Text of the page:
Adhesive forces play a significant role on airless bodies due to their weak gravities. Investigating adhesion at the surface of asteroids and their constituent components is vital to understanding their formation and evolution. Previous research has been done to understand the interaction of micron-sized spheres to planar surfaces and sphere-to-sphere interactions, which have been used to develop models of asteroid surfaces. Our investigation experimentally investigates adhesion through atomic force microscopy (AFM) measurements between JSC-1 simulant particles and several AFM tips, including a typical pyramidal gold tip and microspheres of sizes 2 μm and 15 μm. The samples of JSC-1 consist of three size ranges: < 45 μm, 75-125 μm, and 125-250 μm. For each sample we looked at the magnitude and distribution of the measured adhesive forces. Results show that the pyramidal tip produced larger forces than the spherical tips generally, and the sample that produced larger forces and a larger distribution of those force was the smaller, more powder-like sample with sizes < 45 μm.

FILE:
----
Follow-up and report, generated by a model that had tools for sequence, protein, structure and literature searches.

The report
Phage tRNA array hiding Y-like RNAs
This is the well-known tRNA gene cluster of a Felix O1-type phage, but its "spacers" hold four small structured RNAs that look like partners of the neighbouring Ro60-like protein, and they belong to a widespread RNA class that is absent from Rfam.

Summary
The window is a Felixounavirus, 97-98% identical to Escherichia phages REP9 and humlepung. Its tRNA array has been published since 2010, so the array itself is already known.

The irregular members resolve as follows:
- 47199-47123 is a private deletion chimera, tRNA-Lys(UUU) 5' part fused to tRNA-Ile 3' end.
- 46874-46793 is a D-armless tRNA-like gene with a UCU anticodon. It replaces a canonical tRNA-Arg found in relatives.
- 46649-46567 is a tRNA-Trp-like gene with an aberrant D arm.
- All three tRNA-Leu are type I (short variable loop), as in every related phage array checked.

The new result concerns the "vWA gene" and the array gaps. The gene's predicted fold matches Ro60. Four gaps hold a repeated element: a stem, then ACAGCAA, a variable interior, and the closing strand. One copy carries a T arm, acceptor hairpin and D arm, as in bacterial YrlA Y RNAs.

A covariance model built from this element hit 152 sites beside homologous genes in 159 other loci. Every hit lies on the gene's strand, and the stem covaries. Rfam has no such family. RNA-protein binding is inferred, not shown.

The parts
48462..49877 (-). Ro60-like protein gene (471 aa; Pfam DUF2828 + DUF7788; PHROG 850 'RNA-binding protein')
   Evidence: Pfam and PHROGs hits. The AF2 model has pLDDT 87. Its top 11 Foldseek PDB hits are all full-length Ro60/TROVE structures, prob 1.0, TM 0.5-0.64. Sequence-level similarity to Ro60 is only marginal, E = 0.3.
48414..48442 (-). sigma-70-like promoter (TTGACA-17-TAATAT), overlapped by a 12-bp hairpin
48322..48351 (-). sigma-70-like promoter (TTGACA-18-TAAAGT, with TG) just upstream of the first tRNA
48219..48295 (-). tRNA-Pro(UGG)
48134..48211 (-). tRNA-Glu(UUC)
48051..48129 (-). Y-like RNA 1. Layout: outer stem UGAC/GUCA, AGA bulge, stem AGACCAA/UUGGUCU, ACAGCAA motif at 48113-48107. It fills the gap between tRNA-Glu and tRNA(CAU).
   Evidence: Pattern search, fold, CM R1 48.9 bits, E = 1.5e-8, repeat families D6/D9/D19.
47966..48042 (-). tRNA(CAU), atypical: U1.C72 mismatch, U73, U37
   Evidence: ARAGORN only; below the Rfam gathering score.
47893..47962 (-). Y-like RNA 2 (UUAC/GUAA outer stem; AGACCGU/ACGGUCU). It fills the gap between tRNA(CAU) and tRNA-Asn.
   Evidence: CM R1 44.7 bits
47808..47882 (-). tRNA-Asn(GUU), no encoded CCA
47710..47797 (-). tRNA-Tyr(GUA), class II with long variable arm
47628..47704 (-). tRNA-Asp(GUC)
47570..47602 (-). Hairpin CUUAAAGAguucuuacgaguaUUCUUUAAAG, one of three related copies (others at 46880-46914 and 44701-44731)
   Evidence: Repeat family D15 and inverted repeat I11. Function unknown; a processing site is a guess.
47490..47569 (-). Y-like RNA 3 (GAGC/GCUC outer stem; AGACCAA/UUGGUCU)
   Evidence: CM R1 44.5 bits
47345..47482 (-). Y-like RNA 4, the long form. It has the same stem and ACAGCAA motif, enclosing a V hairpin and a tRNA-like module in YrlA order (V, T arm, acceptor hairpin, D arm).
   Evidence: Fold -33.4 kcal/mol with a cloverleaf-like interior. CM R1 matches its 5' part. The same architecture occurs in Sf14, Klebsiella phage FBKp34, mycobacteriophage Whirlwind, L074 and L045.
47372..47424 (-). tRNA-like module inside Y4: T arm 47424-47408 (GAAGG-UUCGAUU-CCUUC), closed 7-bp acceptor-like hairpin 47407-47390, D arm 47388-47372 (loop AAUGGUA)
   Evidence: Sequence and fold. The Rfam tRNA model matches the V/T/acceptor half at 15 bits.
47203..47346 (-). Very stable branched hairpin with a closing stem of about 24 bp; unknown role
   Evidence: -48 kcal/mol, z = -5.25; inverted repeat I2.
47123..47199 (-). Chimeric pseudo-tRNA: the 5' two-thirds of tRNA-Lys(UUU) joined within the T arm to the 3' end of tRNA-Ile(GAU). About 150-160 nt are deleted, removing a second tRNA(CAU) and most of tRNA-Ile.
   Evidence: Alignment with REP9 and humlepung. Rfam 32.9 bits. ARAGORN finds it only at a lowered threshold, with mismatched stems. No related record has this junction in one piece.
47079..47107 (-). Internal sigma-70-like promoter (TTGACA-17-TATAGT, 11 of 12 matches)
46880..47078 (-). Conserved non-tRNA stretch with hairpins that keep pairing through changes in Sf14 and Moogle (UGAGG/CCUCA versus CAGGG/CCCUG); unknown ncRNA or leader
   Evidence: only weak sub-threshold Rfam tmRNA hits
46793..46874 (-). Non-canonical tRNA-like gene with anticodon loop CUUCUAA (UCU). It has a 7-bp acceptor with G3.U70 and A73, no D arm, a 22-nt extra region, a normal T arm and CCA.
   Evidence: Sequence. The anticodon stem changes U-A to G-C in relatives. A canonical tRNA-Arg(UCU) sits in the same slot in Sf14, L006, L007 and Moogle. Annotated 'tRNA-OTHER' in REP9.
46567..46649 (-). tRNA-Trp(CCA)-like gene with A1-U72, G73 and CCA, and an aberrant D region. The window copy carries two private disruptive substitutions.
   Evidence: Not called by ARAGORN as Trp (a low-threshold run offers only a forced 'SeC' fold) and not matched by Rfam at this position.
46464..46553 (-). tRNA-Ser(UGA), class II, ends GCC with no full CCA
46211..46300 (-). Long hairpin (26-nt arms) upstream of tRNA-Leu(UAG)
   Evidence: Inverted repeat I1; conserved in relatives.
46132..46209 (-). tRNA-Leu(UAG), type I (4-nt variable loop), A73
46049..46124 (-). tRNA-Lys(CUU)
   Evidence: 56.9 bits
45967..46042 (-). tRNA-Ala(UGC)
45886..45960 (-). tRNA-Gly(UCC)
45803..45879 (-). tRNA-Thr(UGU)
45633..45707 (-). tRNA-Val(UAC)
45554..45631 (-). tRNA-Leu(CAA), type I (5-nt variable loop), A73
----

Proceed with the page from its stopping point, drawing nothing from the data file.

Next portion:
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Master of Science (M.S.)
College of Sciences
Physics; Planetary Sciences
Length of Campus-only Access
Masters Thesis (Open Access)
Jardine, Keanna, "Asteroid Surfaces: The Importance of Cohesive Forces" (2019). Electronic Theses and Dissertations. 6607.
Restricted to the UCF community until June 2019; it will then be open access.